78. 78. Altering the properties of glass <ul><li>Laminated glass uses multiple panes of glass, often separated by a thin material (usually transparent plastic) </li></ul><ul><li>This type of glass is more difficult to break because of the properties of the insert. </li></ul><ul><li>When glass is both toughened and laminated, it is known as safety glass. </li></ul><ul><li>(glass can also be pored around a mesh of other materials like wire to make it stronger) </li></ul>
  79. 79. Glass as a structural material <ul><li>plate glass and glass bricks are used as wall and flooring materials. </li></ul><ul><li>material properties, for example, resistance to tensile and compressive forces, thermal conductivity and transparency offer design considerations </li></ul><ul><li>There are numerous aesthetic properties and psychological benefits: glass allows natural light into buildings and can visually link spaces, creating more interesting interiors. </li></ul>
  80. 80. Textile Fibers Additional Information
  81. 81. Cotton <ul><li>Cotton grows in warm sub tropical climates and is mostly grown in the U.S., the Soviet Union, the Peoples Republic of China, and India. Other leading cotton growing countries are Brazil, Pakistan, and Turkey. </li></ul><ul><li>In this country the major cotton producing states are Alabama, Arizona, Arkansas, California, Georgia, Louisiana, Mississippi, Missouri, New Mexico, North Carolina, Oklahoma, South Carolina, Tennessee, and Texas. </li></ul>
  82. 82. A natural fiber <ul><li>Cotton is obtained from the bud of the cotton plant. </li></ul><ul><li>The cotton is harvested , cleaned, combed, and then spun into thread. </li></ul><ul><li>Cotton is a natural polymer composed of cellulose </li></ul>
  83. 83. Nylon <ul><li>Synthetic polyamide fiber made from Adipic acid and a diamine </li></ul><ul><li>Click here for a molecular picture </li></ul><ul><li>The two ingredients (in solution) are mixed, and the nylon fiber extracted, then spun into thread. </li></ul>
  84. 84. Comparison <ul><li>Cotton absorbs water, nylon does not (cotton actually becomes stronger when wet) </li></ul><ul><li>Nylon is elastic, cotton is not (means that it wrinkles and creases easily) </li></ul><ul><li>Nylon melts, then burns, while cotton tends to char only while exposed to flame. </li></ul>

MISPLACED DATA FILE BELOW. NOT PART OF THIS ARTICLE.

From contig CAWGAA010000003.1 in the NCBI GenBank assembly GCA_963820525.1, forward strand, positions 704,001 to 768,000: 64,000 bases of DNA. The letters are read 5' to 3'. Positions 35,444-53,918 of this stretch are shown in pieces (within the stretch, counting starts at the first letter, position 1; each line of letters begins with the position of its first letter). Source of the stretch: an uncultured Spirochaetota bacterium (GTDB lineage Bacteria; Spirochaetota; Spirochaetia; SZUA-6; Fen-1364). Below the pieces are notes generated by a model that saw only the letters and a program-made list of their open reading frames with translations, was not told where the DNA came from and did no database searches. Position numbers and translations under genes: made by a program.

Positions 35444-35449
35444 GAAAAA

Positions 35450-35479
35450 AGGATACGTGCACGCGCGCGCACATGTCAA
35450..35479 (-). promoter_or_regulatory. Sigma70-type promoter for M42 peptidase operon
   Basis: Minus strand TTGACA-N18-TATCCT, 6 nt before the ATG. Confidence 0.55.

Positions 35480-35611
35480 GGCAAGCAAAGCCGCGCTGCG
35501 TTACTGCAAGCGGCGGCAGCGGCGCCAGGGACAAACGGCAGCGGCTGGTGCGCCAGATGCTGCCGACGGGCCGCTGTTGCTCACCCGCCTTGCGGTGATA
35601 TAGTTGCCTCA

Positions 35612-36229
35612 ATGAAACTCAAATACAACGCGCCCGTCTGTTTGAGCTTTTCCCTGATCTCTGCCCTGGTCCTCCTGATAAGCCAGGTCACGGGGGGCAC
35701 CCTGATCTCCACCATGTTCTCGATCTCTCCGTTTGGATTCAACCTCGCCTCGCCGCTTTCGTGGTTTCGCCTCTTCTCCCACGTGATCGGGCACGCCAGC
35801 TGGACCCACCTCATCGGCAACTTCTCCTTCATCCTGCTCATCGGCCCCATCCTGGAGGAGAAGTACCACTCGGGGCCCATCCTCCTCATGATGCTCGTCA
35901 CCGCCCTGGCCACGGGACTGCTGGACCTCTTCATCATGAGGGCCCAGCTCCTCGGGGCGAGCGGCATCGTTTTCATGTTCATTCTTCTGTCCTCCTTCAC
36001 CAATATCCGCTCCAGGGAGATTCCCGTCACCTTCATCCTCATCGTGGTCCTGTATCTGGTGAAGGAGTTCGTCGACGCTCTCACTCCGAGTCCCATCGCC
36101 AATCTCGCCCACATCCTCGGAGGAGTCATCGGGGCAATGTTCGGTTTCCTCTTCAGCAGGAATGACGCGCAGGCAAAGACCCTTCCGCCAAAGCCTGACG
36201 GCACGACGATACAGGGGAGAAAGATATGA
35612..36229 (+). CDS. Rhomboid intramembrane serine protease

85. 85. Comparison continued <ul><li>Both products are degraded by ultraviolet light, but cotton slightly more </li></ul><ul><li>Cotton fibers breakdown with repeated exposure to moisture and air pollution </li></ul><ul><li>Cotton is susceptible to microbes like molds, Nylon is not. </li></ul>
  86. 86. Cotton Finishing <ul><li>Cotton normally requires finishing </li></ul><ul><li>Must be dyed for colored uses </li></ul><ul><li>Often waterproofed by applying a wax or oil </li></ul>
  87. 87. Nylon finishing <ul><li>No finishing is required for nylon, it is naturally water repellant, and is colored to specification during the manufacture process. </li></ul>
  88. 88. Other Textile fibers <ul><li>Plants: Flax, Jute, sisal, hemp, rice, bamboo, as well as others </li></ul><ul><li>Animal: Wool, Cashmere, Mohair, Alpaca, and Silk </li></ul><ul><li>Synthetic: Polyesters, Acrylic, Lycra, Olefin, and Lurex </li></ul>
  89. 89. Composite Fabrics <ul><li>Two or more types of textile can be blended to form different properties. </li></ul><ul><li>Socks often are made of cotton for absorbency, and nylon for strength. </li></ul><ul><li>Olefin is often added to cotton in a tight weave to aid in water resistance. </li></ul><ul><li>Acetates are used to make items shine. </li></ul>